"To fully unlock the benefits of artificial intelligence, you’ll need to upgrade your people’s skills — and build an empowered, AI-savvy workforce."
Jeanne Ross MIT Sloane Mangement Review July 2017
Take fraud a frequently promoted use case for AI. In the rush to automation it is assumed that high volume lower value insurance claims fraud can be identified with AI.
Bitter experience shows that fraudsters are ahead of the algorithm authors and vary MO to beat the algorithms. Typically 30% to 35% will be fraudulent and will be caught with a combination of digitising the claims process and having claimants provide text and photo/image proof of damage.
And as the article below says-
"As other researchers and managers have also observed, we are finding that most machine learning applications augment, rather than replace, human efforts. In doing so, they demand changes in what people are doing. And in the case of AI — even more than was true with ERP systems — those changes eliminate many nonspecialized tasks and create skilled tasks that require good judgement and domain expertise."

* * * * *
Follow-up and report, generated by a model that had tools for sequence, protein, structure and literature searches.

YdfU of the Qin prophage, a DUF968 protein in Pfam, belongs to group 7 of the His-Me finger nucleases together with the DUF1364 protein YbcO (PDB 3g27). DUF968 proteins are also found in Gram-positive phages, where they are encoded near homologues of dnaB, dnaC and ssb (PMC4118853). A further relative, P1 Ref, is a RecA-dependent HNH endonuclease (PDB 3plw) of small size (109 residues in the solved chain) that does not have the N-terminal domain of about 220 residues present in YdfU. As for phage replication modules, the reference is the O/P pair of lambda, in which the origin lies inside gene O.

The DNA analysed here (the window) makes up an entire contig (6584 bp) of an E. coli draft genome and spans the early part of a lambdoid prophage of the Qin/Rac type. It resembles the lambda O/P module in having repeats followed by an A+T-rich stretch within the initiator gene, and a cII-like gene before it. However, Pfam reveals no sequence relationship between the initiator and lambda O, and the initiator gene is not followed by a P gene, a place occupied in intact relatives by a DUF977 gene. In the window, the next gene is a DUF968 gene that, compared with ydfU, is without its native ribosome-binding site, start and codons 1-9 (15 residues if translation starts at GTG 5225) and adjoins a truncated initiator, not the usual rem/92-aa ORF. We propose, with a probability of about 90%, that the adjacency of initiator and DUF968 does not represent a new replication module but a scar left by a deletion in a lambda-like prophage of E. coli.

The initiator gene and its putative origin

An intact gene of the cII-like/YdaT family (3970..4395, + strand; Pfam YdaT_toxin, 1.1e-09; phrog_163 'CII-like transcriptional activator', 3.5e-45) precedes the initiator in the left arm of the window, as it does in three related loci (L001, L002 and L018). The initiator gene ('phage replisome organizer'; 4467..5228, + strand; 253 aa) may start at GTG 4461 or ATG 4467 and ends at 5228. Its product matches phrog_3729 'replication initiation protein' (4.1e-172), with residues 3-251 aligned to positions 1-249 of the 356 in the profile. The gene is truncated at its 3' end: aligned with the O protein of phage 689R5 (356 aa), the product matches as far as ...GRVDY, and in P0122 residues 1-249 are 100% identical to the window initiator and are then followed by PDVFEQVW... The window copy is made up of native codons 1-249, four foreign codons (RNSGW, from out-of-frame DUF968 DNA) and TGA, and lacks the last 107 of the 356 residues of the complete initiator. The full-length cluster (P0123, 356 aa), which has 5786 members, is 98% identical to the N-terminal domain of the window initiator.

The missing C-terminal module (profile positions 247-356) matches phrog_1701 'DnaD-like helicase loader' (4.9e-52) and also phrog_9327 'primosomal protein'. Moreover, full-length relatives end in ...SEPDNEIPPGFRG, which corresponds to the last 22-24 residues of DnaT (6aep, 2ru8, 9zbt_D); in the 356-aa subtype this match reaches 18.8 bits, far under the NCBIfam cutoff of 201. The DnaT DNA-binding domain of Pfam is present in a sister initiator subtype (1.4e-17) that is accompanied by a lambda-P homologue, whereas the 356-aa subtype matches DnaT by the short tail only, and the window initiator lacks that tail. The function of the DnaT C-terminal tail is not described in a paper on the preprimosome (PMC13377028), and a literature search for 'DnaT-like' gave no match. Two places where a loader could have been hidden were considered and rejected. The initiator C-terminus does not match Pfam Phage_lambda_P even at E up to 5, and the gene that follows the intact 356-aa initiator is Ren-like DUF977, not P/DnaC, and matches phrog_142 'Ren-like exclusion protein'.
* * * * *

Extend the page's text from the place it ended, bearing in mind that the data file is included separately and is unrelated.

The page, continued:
Fix that flaw- creating skilled tasks and people, AI will be as disappointing as many ERP deployments.
For example, fraud detection applications may reduce the time that people spend looking for anomalies, but increase requirements for deciding what to do about those anomalies. An AI application might allow financial analysts to spend less time extracting data on financial performance, but it adds value only if someone spends more time considering the implications of that performance.